The Right Brain and the Unconscious: Discovering the Stranger Within

The Right Brain and the Unconscious: Discovering the Stranger Within

The Right Brain and the Unconscious: Discovering the Stranger Within

The Right Brain and the Unconscious: Discovering the Stranger Within

Synopsis

This breakthrough book presents, for the first time, the scientific underpinnings of the unconscious. Whereas clinical psychologists embrace the world of the mind and neuroscientists examine the physiology of the brain, neither approach alone can adequately explain the magnificent nuances of this remarkable organ or the realm of the unconscious. Here Dr. Joseph, an internationally recognized expert in the fields of both neuroscience and clinical psychology, weds these two seemingly disparate disciplines into one, generating one of the most astonishing books of our time. He offers compelling stories that show the extent to which humans are unaware of the intense power of our right brains and limbic systems. Although our left brain devises seemingly rational reasons for our choices and behavior, most of us have barely any conception of the stranger that lurks within our right brain. When we humans select a mate or act in a self-defeating manner at work or at home, what forces are truly at play? Why are so many people stunned that they repeatedly end up in destructive relationships? According to Dr. Joseph, the experiences of our childhood are etched onto the very circuitry of our brains and can profoundly influence our decisions on an unconscious level for the rest of our lives. He explicates how our inner Child, Parent, and Adult struggle to gain mastery of our choices. He further demonstrates how these inner forces trigger our defense mechanisms, keeping us in the dark about our true motivations. The revelations of this book will forever change the course of clinical psychology and neuropsychology. By merging clinical psychology and neuroscience, two antagonistic yet complementary disciplines, Dr. Joseph blazes a new path illuminating the most intriguing workings of the deepest recesses of our minds.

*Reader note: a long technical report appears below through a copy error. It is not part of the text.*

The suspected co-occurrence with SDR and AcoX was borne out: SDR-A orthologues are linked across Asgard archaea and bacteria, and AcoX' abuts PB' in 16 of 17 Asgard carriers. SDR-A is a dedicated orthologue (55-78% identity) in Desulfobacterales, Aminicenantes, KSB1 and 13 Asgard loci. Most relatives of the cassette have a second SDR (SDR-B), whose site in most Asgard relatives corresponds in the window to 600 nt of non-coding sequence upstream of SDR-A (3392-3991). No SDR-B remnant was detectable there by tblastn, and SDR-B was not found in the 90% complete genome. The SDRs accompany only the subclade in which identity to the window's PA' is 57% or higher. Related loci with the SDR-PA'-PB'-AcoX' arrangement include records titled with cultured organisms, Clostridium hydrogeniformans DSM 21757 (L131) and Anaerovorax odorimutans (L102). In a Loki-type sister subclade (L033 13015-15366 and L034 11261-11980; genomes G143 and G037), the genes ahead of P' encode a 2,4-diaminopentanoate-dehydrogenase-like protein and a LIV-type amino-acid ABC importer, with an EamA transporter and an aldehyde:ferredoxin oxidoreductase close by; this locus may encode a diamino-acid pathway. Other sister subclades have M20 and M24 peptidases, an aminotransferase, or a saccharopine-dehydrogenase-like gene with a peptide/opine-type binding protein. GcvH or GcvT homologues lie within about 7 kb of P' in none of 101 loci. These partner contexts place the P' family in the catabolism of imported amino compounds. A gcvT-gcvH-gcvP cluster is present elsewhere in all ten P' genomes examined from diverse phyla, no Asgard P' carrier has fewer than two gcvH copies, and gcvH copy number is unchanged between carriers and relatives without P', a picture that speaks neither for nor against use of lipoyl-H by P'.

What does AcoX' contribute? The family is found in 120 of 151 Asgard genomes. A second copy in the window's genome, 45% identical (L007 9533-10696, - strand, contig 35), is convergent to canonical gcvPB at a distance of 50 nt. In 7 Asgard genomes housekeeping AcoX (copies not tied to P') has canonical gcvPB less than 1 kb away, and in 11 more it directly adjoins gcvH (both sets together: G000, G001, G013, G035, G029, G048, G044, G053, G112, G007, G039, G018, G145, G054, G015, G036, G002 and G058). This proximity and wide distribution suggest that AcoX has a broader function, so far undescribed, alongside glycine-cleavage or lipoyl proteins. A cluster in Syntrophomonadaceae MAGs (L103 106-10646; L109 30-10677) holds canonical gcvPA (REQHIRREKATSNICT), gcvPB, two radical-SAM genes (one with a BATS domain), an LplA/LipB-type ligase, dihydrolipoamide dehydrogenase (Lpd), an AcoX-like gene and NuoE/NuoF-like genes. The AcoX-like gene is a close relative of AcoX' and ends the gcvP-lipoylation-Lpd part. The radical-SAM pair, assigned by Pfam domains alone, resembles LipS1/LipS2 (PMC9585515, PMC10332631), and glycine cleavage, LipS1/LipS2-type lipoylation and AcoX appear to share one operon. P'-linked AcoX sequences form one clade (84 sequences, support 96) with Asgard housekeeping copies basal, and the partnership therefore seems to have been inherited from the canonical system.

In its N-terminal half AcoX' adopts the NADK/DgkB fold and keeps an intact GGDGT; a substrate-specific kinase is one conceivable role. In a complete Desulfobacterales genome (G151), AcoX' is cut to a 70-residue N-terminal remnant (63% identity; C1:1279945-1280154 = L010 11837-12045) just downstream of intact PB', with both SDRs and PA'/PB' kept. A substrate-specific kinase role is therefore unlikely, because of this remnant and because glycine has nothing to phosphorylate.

Excerpt

Some people claim they do not believe in an unconscious or the possibility that our actions are sometimes influenced by feelings or impulses that originate outside the conscious mind. There are entire schools of psychological and philosophical thought that utterly reject these notions as useless and outdated.

This view is exemplified by the various "behaviorist" philosophies espoused by John B. Watson, B. E Skinner, and their followers; that is, all behavior is the result of association and conditioning and the reinforcement of certain actions with positive rewards. Someone rewarded for performing a specific action is likely to do it again, and behavior is shaped accordingly. If rewards are withheld or provided immediately following an action, all subsequent behavior can be modified and directed via association or through the pairing of various stimuli (e.g., a bell followed by food) with certain natural responses (e.g., hunger). Even psychotic, criminal, or other types of behavior can be either created or extinguished in this manner. As a form of therapy, this has been referred to as behavior modification.

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